Possible Solar Forcing of Late Holocene Mega-Droughts in India
Ashish Sinha [email@example.com], California State University, Dominguez Hills; K. G. Cannariato and L. D. Stott, University of Southern California; H. Cheng, University of Minnesota; M. G. Yadava, Physical Research Laboratory, India; R. L. Edwards, University of Minnesota; R. Ramesh, Physical Research Laboratory, India; I-B. Singh, Lucknow University, India; and H-C. Li, University of Southern California.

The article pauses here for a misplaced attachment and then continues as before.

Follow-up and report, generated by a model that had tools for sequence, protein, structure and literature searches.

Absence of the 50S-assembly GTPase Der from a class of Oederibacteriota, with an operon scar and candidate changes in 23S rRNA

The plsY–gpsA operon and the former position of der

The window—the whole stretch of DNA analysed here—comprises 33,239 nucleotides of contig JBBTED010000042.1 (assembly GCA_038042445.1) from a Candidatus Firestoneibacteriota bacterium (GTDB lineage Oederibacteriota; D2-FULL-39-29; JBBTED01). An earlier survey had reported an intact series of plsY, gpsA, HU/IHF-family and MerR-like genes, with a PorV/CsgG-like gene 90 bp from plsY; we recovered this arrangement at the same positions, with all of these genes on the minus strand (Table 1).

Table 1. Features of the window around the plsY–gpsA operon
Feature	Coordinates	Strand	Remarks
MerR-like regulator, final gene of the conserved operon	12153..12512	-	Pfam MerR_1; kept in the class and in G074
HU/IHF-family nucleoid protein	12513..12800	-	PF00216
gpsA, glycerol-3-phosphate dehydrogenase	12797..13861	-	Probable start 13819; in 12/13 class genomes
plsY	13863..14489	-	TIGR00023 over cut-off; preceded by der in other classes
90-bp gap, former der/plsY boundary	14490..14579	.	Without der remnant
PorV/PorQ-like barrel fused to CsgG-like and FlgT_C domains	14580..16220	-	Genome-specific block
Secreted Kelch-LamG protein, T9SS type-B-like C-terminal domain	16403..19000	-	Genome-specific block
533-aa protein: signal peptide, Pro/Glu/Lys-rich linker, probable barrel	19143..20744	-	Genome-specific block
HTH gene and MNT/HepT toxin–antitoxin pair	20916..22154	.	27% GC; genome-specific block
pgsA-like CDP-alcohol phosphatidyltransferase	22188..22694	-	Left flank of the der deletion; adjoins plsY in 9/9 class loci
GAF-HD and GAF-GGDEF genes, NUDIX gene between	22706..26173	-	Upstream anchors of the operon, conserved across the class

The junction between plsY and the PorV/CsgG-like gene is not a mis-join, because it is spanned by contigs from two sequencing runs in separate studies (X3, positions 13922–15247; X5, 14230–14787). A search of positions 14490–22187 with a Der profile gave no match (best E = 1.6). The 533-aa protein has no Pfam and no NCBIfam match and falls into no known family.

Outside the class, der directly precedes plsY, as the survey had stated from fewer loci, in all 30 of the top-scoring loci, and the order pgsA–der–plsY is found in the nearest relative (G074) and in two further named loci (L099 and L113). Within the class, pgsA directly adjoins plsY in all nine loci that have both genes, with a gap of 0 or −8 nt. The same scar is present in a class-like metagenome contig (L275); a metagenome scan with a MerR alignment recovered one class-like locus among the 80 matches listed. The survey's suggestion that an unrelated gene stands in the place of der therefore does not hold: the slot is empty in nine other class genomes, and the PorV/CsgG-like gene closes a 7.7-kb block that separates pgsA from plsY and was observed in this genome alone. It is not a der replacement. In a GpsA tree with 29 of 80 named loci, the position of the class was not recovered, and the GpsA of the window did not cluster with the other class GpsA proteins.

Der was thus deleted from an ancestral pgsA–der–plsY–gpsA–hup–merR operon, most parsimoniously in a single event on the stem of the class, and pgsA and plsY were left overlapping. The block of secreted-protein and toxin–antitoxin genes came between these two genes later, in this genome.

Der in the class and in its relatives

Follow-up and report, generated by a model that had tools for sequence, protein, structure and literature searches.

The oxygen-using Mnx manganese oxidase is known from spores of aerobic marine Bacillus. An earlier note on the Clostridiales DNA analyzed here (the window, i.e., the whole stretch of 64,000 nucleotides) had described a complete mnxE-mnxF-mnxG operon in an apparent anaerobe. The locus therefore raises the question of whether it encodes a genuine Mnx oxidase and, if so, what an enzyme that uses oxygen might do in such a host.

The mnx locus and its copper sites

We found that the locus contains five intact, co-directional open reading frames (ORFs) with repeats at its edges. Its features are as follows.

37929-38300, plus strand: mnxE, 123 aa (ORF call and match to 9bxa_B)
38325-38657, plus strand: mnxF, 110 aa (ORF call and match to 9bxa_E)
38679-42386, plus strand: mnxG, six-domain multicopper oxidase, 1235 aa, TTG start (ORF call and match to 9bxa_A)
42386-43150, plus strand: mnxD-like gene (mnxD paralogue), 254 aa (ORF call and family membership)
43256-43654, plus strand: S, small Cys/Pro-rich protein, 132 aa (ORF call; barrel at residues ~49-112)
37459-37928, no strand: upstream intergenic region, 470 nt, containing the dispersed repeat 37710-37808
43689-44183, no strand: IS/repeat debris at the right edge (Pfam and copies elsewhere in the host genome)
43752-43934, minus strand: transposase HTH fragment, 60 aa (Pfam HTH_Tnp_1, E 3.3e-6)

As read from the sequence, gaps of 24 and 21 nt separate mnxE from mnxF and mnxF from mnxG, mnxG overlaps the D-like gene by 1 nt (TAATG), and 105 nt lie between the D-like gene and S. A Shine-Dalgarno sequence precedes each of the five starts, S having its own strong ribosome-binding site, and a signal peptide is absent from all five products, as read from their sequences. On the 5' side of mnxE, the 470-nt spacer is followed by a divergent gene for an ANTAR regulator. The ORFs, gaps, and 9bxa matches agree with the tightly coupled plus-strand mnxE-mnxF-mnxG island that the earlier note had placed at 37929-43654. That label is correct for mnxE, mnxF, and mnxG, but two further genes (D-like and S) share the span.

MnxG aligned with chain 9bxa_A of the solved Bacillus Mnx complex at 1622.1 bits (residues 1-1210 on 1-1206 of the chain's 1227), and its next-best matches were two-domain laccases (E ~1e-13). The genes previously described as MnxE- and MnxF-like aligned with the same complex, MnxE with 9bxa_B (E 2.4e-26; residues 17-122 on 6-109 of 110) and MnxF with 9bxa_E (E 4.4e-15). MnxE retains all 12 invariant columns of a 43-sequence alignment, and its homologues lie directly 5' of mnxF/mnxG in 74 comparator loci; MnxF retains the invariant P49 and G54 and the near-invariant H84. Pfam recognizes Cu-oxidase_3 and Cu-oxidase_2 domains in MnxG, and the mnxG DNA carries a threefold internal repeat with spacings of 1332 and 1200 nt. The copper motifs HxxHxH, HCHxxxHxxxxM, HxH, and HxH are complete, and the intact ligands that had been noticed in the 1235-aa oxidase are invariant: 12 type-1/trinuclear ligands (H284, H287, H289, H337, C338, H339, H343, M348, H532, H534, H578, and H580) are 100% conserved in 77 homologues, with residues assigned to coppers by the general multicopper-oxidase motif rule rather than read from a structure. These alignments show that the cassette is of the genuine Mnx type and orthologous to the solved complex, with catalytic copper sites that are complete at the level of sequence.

Nearly one-quarter of the world’s population is affected by the seasonal rainfall brought by the Southwest Indian Summer Monsoon. As recently as the late 1960s, 1.5 million people in India died when the monsoon failed for three consecutive years. Climate model simulations indicate that multi-decadal monsoon failures are possible. Unfortunately, the instrumental record of Indian rainfall is too short to accurately characterize the frequency and length of monsoon failures for predictive purposes. To overcome this, we are using the oxygen isotope composition of growth layers in a suite of stalagmites collected from caves throughout India to reconstruct monsoon rainfall variability before the instrumental record began. Here we present an oxygen isotope record (δ18O) from a stalagmite collected from Dandak Cave located in central-eastern India. A preliminary chronology based on 230Th dates indicates that the high-resolution (~1 to 10 yr) δ18O record extends from the late Holocene to close to the present day. Century-scale intervals of heavy δ18O values indicate extended periods of reduced rainfall or mega-droughts in India. Furthermore, our δ18O record exhibits a striking resemblance to the Δ14C production rate record. Assuming century-scale variations in the Δ14C record are related to changes in solar luminosity, our record implies a possible causal link between reduced (enhanced) monsoon precipitation and lower (higher) solar luminosity. Our results from a core monsoon region of India appear to corroborate studies from other regions suggesting solar forcing of Indian/Asian Monsoon variability on decadal to centennial time scales through feedbacks associated with the global hydrologic cycle.